REFLECTIONS ON PRAYING FOR UGANDA in the run-up to the Presidential Elections

Archbishop Lwanga has called all Ugandans to pray and fast for three days (starting today, 4th January) as the country prepares for the Presidential and Parliamentary Elections on 14th January.

Uganda is the country of my birth, my second home. Many of my best friends live there and I visit every year. I care about what happens.

Here are some of my random thoughts arising from my praying . . . .

I spent time looking at this haunting photo of a child in Teso taken by my granddaughter, Becky, ten years ago . He looks sad, hurt, mistrustful, hopeless and perhaps a bit bewildered. I wonder what he has already witnessed and suffered? There is no sparkle in his eyes although there are three adults perfectly reflected in them. What does he see in those adults? Does he see a picture of what he will become? What sort of future does he face in Uganda – if indeed, he is still alive?

The children are the future of Uganda but are unable to make decisions for themselves about the future. That is in the hands of all the adults. What a responsibility.

With the youngest population in the world, well over 80% of Ugandans were born after Yoweri Museveni became President in 1986 and so have known no other leader! There is no doubt that Museveni brought stability, peace and development in his early years. But there is increasing dissatisfaction with political leaders and statuary bodies and a desire for change which is hard to achieve with such high levels of corruption, repression and malpractice.

So what hope is there for Uganda? What hope is there in Uganda? Where is God? How are people of faith, who believe in God, living? How and when will things change? Can they change peacefully and democratically, through free and fair elections? Even if Museveni dies (he is now 76) or is displaced, will things change for the better? Frenchman Joseph de Maistre (1753 – 1821) expressed the sobering view that in a democracy, the people end up with the government and leaders they deserve, which is perhaps hard for any of us to accept but worth reflecting on.

Over 80% of Ugandans are Christians and 14% are Muslims. How are the Christian and Islamic leaders challenging the wrongs in society and defending the vulnerable? Are they acting together in unity as witnesses to the truth, as the Church leaders did during Amin’s rule?

Obviously we are shaped by the past – but what matters is the present, and the choices we make now. The shape of the future depends on the present. Unlike in many countries, most Ugandans do actually acknowledge God and believe in prayer, which is why they have been called to join together in prayer at this crucial point in their history.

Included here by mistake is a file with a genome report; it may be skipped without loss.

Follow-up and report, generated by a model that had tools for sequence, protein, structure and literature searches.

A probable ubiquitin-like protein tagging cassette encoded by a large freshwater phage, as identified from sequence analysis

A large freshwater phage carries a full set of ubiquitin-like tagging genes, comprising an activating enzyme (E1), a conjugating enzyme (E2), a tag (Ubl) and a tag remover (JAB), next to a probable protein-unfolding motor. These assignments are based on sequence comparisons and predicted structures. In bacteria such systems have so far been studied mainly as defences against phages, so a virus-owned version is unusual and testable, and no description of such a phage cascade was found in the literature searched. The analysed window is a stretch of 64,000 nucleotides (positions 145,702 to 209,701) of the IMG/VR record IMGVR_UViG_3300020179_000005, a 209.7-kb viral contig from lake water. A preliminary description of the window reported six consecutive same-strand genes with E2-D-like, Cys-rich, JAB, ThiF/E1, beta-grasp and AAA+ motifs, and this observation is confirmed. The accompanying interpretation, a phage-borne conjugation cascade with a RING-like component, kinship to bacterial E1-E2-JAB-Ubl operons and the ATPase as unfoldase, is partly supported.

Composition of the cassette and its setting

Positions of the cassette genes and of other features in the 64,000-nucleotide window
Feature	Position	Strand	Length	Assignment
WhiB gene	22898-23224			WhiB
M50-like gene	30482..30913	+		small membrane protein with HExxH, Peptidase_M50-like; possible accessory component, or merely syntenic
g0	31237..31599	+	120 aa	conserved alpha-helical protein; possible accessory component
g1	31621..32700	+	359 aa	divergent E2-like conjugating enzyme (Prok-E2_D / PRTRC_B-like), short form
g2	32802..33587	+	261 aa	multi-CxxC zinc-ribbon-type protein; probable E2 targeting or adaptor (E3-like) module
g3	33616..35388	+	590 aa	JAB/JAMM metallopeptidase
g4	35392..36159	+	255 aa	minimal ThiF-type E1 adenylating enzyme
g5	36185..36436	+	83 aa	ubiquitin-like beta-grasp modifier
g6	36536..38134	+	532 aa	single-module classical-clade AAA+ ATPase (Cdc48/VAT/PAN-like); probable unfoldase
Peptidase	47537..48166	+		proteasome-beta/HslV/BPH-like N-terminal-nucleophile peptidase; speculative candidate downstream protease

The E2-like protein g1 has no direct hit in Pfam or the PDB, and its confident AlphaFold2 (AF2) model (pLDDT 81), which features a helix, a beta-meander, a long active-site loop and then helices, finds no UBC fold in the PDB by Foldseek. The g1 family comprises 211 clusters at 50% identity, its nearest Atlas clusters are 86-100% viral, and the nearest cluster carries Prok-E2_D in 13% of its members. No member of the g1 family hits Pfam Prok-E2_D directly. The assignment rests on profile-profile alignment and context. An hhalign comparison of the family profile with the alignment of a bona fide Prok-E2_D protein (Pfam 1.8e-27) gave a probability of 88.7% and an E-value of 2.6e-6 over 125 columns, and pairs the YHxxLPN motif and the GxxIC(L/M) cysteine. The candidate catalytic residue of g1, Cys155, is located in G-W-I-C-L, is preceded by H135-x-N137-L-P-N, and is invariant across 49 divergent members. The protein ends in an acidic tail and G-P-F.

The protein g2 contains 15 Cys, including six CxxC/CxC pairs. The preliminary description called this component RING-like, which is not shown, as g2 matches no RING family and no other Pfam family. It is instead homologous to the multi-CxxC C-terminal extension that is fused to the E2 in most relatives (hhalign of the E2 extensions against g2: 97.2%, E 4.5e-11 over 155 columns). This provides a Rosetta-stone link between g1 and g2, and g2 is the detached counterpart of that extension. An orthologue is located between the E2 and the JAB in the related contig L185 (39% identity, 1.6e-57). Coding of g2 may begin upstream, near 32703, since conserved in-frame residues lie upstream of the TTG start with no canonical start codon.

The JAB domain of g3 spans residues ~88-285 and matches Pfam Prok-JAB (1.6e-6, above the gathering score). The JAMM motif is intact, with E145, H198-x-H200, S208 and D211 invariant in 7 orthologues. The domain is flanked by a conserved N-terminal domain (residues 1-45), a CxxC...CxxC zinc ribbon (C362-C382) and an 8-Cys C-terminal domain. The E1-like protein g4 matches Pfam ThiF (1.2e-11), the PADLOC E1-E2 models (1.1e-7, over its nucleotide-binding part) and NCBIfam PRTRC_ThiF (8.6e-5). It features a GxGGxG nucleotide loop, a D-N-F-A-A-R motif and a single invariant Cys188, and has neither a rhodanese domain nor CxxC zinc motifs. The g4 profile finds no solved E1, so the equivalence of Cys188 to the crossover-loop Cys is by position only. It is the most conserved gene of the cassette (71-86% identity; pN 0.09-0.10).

But how should we pray and what should we ask for?

Transformation and change begin with individuals. Whoever we are, we need first to “put our own house in order”. It is what is in our individual thoughts and hearts that matters.

I find it helpful to use the ancient Celtic Circle prayer, using my imagination to picture myself enfolded by God – or a fence of protective thorns around a homestead, or the international borders around Uganda – and pray simple words such as:

Lord, encircle us/me with your love and power.
Keep light within,
Keep darkness out.

Lord, encircle me/us with your love and power.
Keep peace within,
Keep violence out.

There are so many possible ‘pairs’, such as:

Justice  /  corruption
Integrity  /  dishonesty
Love  /  hatred
Trust  /  fear
Thoughtfulness  /  selfishness
Hope  /  despair
Courage  /  fear
Goodness  /  malice
Generosity  /  greed
Humility  /  ambition
Love  /  jealousy
Honesty  /  corruption
Gentleness  /  violence
Forgiveness  /  bitterness
Repentance  /  self-righteousness

It is helpful not to rush through this kind of prayer but take time over each, using our imaginations, listening for God’s ‘voice’ and reflecting on what we need to do to work with God and enable this prayer to become true.

Where is God? He is not hiding nor distant. He is within every one of us, every human being, whether or not he is acknowleged and recognised. We should treat ourselves and everyone else in this way. “Love the Lord your God and love your neighbour as you love yourself.”

Since transformation needs to start with each one of us, we can start praying like this for ourselves first, before praying for each other, our communities and country.

“If my people, who are called by my name, will humble themselves and pray and seek my face and turn from their wicked ways, then I will hear from heaven, and I will forgive their sin and will heal their land.” (2 Chronicles 7:14)

In these crucial days in Uganda, I suggest adapting Bishop Trevor Huddleston’s simple prayer for Africa (as well as recalling the National Anthem and Motto):

God bless Uganda,
Guard her people,
Guide her leaders,
And give her peace.

Uganda’s National Anthem:

Oh, Uganda! may God uphold thee,
We lay our future in thy hand;
United, free for liberty
together we’ll always stand.

Uganda’s National Motto:

For God and my country.